Marie is currently enjoying her stay at the Heshima Kenya Safe House, where she has built friendships with other residents and is obtaining basic education and counseling. Aside from providing a secure, warm environment for our girls to heal, our Safe House also recognizes the importance that games and recreational activities play. The Safe House residents spend time playing games every evening, including board games, puzzles, tower building games, ball games and activities like “Zumba dance.” This helps the children to identify new skills, learn how to solve problems, improve their attitude toward their peers, develop motivation for life tasks such as learning, exercise creativity, express feelings and needs, and formulate their daily requests and demands. It is observed that the residents who participate in games build their self-esteem easily, develop self-confidence, and gain a sense of self-identity and conflict resolution skills.
Marie loves playing games at the Safe House; it helps her relax with her peers and enjoy her life. She has learned to interact and build meaningful relationships with fellow residents and community members. Ultimately, Marie feels that she has found another family in Heshima Kenya. These activities and games have allowed her to be a child again, enjoy her free time and maintain a positive outlook. Her goal is to continue her education and find a job as a youth counselor, so she can help other young women like her.
“Throughout my life I never owned any toys to play with. My parents could not afford to buy games. I had problems with learning new things especially games because I did not have access to them. When I came to the Safe House, I was surprised to see all the toys and games that I yearned to have when I was growing up. You can have whatever game you want and most of the times we use them as we conduct group discussions to break the ice. I love doing the hula hoop because I exercise my body, I laugh a lot and we share life experiences with my friends a lot too. I love to play and learn different games a lot,” says Marie.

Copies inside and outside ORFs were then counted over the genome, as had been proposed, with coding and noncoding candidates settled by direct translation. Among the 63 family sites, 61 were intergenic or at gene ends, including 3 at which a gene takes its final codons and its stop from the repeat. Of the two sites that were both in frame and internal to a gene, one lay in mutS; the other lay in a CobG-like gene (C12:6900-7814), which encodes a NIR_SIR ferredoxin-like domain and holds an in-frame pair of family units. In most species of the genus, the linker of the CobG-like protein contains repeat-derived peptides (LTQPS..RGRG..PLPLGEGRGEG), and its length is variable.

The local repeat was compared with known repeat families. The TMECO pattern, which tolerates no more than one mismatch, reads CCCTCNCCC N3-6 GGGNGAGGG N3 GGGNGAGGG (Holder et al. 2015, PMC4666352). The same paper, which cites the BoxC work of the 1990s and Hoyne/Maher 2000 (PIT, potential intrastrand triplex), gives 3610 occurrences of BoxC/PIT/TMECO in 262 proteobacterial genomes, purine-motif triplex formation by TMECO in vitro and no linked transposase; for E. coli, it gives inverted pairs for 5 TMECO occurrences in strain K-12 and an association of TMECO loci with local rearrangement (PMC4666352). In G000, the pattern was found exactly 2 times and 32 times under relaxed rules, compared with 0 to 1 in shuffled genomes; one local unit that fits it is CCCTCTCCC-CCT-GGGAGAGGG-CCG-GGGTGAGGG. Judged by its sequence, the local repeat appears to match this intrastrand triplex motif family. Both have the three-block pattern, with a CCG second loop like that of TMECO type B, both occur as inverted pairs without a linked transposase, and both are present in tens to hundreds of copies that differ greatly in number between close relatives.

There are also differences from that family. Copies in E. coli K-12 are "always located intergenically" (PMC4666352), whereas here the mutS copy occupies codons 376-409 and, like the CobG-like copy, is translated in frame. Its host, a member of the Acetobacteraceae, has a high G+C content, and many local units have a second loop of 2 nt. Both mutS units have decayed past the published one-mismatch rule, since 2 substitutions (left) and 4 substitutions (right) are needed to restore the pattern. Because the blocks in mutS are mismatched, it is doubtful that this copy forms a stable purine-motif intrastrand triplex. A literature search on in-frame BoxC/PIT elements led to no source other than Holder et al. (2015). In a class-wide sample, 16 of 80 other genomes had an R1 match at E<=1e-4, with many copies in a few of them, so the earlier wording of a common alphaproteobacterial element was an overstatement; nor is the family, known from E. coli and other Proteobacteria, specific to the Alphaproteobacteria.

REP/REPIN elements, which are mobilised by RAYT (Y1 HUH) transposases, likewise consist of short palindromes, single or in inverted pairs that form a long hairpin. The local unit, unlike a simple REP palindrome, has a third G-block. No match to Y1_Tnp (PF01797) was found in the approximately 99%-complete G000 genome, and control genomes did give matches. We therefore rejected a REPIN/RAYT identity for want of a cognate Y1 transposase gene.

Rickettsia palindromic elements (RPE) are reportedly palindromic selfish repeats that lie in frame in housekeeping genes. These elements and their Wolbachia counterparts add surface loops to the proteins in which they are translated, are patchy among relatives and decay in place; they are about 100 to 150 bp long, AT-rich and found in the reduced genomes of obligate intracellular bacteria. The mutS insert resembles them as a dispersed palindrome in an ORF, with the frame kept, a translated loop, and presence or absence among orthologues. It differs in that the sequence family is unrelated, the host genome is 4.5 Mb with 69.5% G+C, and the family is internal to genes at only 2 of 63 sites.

Support from you helps our girls, like Marie, to experience safety, security and to play and make friends like all children should. We thank you for your support!
Nyamuhure has seen much trauma in her life. She was captured by rebels in her home country, the Congo, and held captive for 12 months, during which time she became pregnant due to assault. The same rebels killed her parents and siblings when attacking her village.
After finally fleeing to Kenya, she found a generous individual who offered her assistance and then referred her to Heshima Kenya for further care and supporrt. Nyamuhure came to the Safe House in September 2013. During her stay, she received counseling and attended life-skills sessions, which enabled her regain psychological stability and prepared her for the delivery and care of her new baby. Through courses and living in a supportive community, Nyamuhure gained confidence; initially shy and introverted, she soon began taking on leadership responsibilities within the Safe House, assiting as a resident mentor for any emerging issues with the residents. This has helped her grow her courage and self-esteem and today she reaches out to the young children who reside in the community, organizing games and events to build skills among the children.
With financial assistance and medical support from Heshima Kenya, Nyahumure gave birth to a health baby boy, Cleva, in November 2013. Nyamuhure and Cleva exited the Safe House in May and she now lives with a guardian in the community. Nyamuhure reports that being in the Safe House nourished her confidence and prompted her to believe that her dream of becoming a confident, educated and independent young woman can actually be a reality despite her misfortunes. She hopes to become a counselor so that she can help other young women in her community. She plans to give the best care possible to her son so he grows up to become a healthy, condfident child.